Last night, after seemingly months of debate on the topic, the Fairfax County School Board finally debated and voted on “options for revising the Thomas Jefferson High School for Science and Technology (TJHSST) admissions process.” For some background on this issue, see:
- Audio: VA Secretary of Education Atif Qarni Argues for Changes in Admissions to Governor’s Schools to Increase Diversity; Says “It will only make these schools better”
- Video: Thomas Jefferson High School for Science and Technology Alumni Speak in Support of Merit Lottery Plan
- Loudoun County School Board Sends Letter to Fairfax County School Board Expressing Concerns Over Changes to “TJ” Admissions Process
- Thomas Jefferson High School Alumni Action Group Endorses Merit Lottery System for “TJ” Admissions
- Prince William County School Board Votes Unanimously In Support of Improving Diversity of “TJ” Admissions, Establishing Regional Governing Board
So the options last night were:
- Main Motion 1 (Hybrid Merit Lottery) – “Highest-evaluated 100 are offered admission regardless of pathway; Remaining 450 students are chosen by random lottery from highly evaluated applicants within pathways; Top 100 students will not be counted toward pathway caps”
- Main Motion 2 (Holistic Review) – the elements of the review being “GPA, Student portrait sheet, Problem solving essay, Experience Factors, Economically Disadvantaged, English Language Learner, Special Education, Underrepresented Schools”
- Also Main Motion 3 (Omeish) (“to require that the test (essay and SIS) be administered locally, at each middle school, to all eligible students (i.e. who meet the 3.5 GPA and Algebra 1 requirements), and to provide the opportunity to opt-out of taking the test should they so choose, by the admissions cycle for the class of 2026 (next year). To opt-out would be to eliminate oneself from consideration for TJ”)
As you can see below (click to enlarge), the Board was divided on the different options. First, the Hybrid Merit Lottery failed 4-8, with yes votes by Chair Ricardy J Andersonr, Karen A Keys-Gamarra, Abrar Omeish, Karl V Frisch; and no votes by Megan McLaughlin, Melanie K Meren, Rachna S Heizer, Elaine V Tholen, Tamara D Kaufax, Karen Corbett Sanders, Vice Chair Stella Pekarsky, and Laura Jane H Cohen.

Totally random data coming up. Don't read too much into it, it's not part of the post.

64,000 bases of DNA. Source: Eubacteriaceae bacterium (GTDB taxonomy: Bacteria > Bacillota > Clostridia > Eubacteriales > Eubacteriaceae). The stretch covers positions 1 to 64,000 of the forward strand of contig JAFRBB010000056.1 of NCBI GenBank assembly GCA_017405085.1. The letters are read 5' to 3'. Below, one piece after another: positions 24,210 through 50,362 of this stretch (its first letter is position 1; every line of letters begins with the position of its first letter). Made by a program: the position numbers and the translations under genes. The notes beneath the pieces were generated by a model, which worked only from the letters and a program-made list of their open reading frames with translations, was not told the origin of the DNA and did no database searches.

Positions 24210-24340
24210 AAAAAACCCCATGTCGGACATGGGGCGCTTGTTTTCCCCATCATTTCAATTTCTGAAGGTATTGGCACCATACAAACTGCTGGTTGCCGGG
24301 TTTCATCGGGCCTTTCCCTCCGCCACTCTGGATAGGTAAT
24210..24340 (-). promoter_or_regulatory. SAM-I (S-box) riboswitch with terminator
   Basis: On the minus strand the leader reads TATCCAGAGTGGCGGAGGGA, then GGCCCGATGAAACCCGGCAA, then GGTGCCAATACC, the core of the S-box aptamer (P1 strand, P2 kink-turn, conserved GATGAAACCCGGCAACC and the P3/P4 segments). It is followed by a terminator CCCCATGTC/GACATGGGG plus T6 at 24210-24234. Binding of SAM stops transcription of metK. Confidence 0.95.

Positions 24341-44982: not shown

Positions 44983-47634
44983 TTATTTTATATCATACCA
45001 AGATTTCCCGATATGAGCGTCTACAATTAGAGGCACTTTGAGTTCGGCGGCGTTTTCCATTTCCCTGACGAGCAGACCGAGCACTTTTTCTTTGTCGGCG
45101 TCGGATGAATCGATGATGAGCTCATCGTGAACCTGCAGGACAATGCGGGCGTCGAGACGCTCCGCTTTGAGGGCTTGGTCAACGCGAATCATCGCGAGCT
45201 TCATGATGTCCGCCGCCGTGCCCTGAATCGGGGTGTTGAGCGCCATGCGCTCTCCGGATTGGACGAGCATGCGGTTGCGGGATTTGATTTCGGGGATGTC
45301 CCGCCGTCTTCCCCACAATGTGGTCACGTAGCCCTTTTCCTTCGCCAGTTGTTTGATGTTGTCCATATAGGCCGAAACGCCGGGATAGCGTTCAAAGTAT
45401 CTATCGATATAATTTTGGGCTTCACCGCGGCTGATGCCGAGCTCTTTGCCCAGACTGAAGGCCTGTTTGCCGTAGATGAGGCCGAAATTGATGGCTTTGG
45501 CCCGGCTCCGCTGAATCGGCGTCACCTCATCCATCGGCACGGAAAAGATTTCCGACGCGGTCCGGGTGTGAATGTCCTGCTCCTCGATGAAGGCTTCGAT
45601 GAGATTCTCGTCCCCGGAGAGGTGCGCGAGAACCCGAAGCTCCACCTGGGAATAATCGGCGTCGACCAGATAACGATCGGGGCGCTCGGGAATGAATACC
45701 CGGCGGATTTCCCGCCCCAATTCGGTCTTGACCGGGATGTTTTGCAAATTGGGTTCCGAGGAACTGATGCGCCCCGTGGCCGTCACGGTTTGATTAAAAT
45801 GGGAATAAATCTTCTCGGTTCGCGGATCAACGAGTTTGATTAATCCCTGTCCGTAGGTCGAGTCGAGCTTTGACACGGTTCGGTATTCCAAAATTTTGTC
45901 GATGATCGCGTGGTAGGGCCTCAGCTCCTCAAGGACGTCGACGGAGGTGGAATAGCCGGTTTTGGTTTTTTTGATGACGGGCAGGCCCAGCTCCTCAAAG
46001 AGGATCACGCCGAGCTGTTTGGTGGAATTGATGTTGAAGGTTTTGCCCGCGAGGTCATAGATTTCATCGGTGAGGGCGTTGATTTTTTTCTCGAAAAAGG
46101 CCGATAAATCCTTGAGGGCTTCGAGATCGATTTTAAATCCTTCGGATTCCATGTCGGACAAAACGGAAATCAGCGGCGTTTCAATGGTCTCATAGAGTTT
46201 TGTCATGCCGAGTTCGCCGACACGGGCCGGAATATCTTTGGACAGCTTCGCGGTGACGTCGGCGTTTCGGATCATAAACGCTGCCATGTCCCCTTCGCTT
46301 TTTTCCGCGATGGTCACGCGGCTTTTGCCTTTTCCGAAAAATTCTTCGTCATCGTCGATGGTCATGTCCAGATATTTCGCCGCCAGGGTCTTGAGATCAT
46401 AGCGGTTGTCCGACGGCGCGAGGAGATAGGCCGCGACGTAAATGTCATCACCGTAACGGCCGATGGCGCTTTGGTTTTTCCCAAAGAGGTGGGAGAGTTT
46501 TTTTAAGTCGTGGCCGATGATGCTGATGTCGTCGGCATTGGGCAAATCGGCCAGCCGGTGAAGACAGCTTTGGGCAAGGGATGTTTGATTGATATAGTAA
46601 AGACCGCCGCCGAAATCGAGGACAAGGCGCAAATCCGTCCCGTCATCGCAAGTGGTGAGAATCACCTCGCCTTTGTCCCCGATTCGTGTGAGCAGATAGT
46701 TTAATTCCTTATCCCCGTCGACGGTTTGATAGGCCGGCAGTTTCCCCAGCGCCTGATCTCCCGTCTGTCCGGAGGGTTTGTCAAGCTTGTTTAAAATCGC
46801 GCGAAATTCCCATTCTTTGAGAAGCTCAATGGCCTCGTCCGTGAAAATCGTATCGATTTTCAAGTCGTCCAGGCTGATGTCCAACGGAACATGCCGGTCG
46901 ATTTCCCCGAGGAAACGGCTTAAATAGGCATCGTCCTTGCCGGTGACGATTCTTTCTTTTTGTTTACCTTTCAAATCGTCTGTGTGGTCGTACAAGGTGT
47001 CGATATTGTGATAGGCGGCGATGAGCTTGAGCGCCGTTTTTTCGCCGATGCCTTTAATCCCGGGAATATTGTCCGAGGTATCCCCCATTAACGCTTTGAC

Then, the Holistic Review passed 10-1-1, with yes votes by Melanie K Meren, Rachna S Heizer, Elaine V Tholen, Tamara D Kaufax, Karen Corbett Sanders, Karen A Keys-Gamarra, Vice Chair Stella Pekarsky, Abrar Omeish, Laura Jane H Cohen, Karl V Frisch; a no vote by Chair Ricardy J Anderson; and an abstention by Megan McLaughlin
And Abrar Omeish’s “opt-out” proposal passed 11-1, with only Melanie Meren voting no.
Here’s the Fairfax County School Board’s press release:
The Fairfax County School Board has voted to change the admissions policy for Thomas Jefferson High School for Science and Technology (TJHSST) to a holistic review to improve diversity at the school. The new process will be used to select the class of 2025 at TJHSST. Established in 1985, TJHSST is a governor’s school offering a comprehensive college preparatory program emphasizing the sciences, mathematics, and technology.
“The Board sought to develop an admissions policy that recognized historical inequities and addressed racial and socioeconomic barriers to students while maintaining the high standards for which the school is known,” said School Board Chair Ricardy Anderson. “The process which resulted in several bold decisions by the Board—after very careful deliberation—included input from known experts and internal stakeholders, and examined the admissions policies of similar magnet schools and a review of the literature.”
A holistic review will be done of students whose applications demonstrate enhanced merit; 550 seats will then be offered to the highest-evaluated students. The top 1.5 percent of the eighth grade class at each public middle school meeting the minimum standards will be eligible for admission. Students will be evaluated on their grade point average (GPA); a portrait sheet where they will be asked to demonstrate Portrait of a Graduate attributes and 21st century skills; a problem-solving essay; and experience factors, including students who are economically disadvantaged, English language learners, special education students, or students who are currently attending underrepresented middle schools.
The new admissions policy also includes sending recruitment communications to all eligible students, targeted recruitment of underrepresented students, presentations to students and parents, and a virtual open house, all available in multiple languages.
And here’s a reaction by Sen. Scott Surovell (D-Fairfax/Prince William), who has been a leader on this issue: “Pleased to see that the Fairfax County School Board has taken action to follow Ivy League Universities and other major colleges by creating a more holistic admissions process for Thomas Jefferson High School For Science and Technology. 36th District children will finally have a chance to get in.”